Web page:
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Published: Sunday, 4/1/2001

Wildcats confuse Michigan State

BY DAVE WOOLFORD
BLADE SPORTS WRITER

MINNEAPOLIS - To point to one area that was the most costly for Michigan State yesterday in its 80-61 loss to Arizona in the semifinals of the NCAA Final Four would be impossible because the Spartans had so many imperfections, especially in the second half.

It started with inferior guard play; MSU's backcourt was completely outplayed in regard to scoring and ball-handling. It ended with shoddy defense and rebounding.

Those were the two discernible components that got the defending national champions here as a No. 1 seed after a fourth consecutive Big Ten championship, a 28-4 record, a No.3 national ranking and 10 consecutive NCAA Tournament triumphs.

It was all so un-Spartan-like that it even befuddled Michigan State coach Tom Izzo, who said afterward, “You're talking to a guy who is totally confused today.

“For some reason we were not with it all day long. Don't mind me for being this confused. Maybe they were even better than I thought. I thought they were very good, but we just did some things that we haven't done. I don't really have a good answer why.

“I give Arizona a lot of credit. I told the guys afterward that it happens now and then. It happens, and it just seemed like ... I don't remember our guys playing like that in four years, not only in this game.”

The 19-point margin represented MSU's worst loss since an 84-63 setback at Illinois on Feb. 12, 1998 and the school's worst NCAA Tournament setback ever.

Michigan State's starting guards, Charlie Bell and Jason Richardson, were a combined 3-of-21 from the field for a total of nine points. Bell also had five turnovers.

Arizona guards Gilbert Arenas and Jason Gardner were a combined 10-of-18 from the field, Gardner finishing with a game-high 21 points.

Arenas suffered a shoulder injury in the second half and played only 27 minutes but still had seven assists and six steals.

The Wildcats' ball-handlers were so efficient that Arizona had 12 steals and a season-low eight turnovers.

The Spartans were extremely turnover-prone in the second half with 11, many point-to-wing passes that were picked off and led to easy layups.

Arizona had 21 points off turnovers to Michigan State's 11.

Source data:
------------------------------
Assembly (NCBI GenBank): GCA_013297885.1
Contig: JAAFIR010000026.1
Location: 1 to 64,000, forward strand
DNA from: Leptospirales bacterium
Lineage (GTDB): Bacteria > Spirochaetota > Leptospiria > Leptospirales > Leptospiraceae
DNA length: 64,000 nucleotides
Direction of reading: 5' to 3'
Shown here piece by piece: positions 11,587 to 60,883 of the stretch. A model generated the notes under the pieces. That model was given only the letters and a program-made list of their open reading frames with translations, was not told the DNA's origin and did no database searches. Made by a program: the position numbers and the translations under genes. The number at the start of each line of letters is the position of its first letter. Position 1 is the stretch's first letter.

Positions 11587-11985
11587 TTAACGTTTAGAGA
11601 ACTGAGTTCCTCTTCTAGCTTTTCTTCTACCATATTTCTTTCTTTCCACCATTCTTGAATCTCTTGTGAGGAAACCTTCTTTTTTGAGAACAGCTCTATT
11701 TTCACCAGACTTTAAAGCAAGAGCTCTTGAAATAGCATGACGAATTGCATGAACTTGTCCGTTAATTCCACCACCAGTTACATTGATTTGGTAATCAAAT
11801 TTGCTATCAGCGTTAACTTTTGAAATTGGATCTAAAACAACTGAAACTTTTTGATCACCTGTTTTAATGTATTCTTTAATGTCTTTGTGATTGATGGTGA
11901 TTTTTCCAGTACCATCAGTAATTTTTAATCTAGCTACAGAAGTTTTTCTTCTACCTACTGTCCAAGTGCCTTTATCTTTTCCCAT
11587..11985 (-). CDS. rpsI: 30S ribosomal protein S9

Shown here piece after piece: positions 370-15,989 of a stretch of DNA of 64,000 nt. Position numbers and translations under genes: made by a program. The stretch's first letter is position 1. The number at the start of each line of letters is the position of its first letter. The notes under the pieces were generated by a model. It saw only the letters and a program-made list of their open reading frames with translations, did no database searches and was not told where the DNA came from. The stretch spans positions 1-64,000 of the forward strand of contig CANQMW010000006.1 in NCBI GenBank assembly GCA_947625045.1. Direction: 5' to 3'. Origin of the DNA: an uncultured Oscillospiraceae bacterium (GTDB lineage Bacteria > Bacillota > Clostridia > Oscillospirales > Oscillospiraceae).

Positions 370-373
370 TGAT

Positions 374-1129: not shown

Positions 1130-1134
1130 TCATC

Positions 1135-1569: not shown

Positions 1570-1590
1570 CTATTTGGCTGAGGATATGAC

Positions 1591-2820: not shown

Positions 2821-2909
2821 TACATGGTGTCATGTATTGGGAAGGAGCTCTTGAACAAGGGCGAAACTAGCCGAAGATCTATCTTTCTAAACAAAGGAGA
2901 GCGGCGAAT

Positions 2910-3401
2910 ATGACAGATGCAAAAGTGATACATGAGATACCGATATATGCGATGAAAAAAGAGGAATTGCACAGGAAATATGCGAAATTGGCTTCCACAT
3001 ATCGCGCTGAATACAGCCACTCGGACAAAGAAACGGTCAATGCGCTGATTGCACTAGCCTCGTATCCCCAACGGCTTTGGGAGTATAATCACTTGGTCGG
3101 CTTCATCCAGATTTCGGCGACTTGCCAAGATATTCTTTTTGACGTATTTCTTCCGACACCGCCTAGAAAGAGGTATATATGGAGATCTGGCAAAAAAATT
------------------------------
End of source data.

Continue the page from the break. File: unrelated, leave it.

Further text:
“They were just one step quicker to the ball than we were,” Bell explained. “They did a great job of reacting to the ball.”

MSU held a 40-33 rebounding edge, but Arizona had one more defensive rebound - that alone being a moral victory against the nation's best rebounding team.

Arizona coach Lute Olson felt his team could out-shoot the Spartans, but couldn't give up a lot of offensive rebounds that would lead to considerably more shots by MSU.

As it turned out, Michigan State had only one more possession than the Wildcats and the Spartans were outshot 50 per cent to 41 per cent.

Arizona defensed MSU in such a manner that it would be up to Michigan State's guards to provide a majority of the offense. The Spartans made only 2 of 14 3-point attempts.

The Wildcats were the first team to shoot 50 per cent from the field against Michigan State this season. Arizona also became just the third team to reach the 80-point mark against Michigan State this season.

Amazingly, MSU never led in this game.

In four previous NCAA Tournament contests, the Spartans had trailed for a total of only 5:09, all of that against Gonzaga in the “Sweet 16” last weekend.

Michigan State didn't play particularly well in the first half but trailed only 32-30.

MSU's undoing came at the start of the second half when Arizona put together a 16-1 run to push to a 48-31 advantage.

The Spartans went on a 12-2 run to get within nine at 57-48 with 9:35 to play, but they would get no closer than 10 after that.

For Arizona (28-7) it was the 11th consecutive victory. Since losing to Stanford on Jan. 6, the Wildcats are 20-2, their only two losses on the road at UCLA and Oregon.

“We knew that it was going to come down to the boards and turnovers,” Olson said. “We honestly felt that we shot the basketball better than they did. As long as we didn't give up a huge number of additional possessions, we felt we could outshoot them. We couldn't give them so many second and third efforts.”

That was a lot to ask for against a team that was out-rebounding its opponents by more than 15 per game to easily lead the nation in that category.

But Arizona was good enough - and then some - to get the job done.



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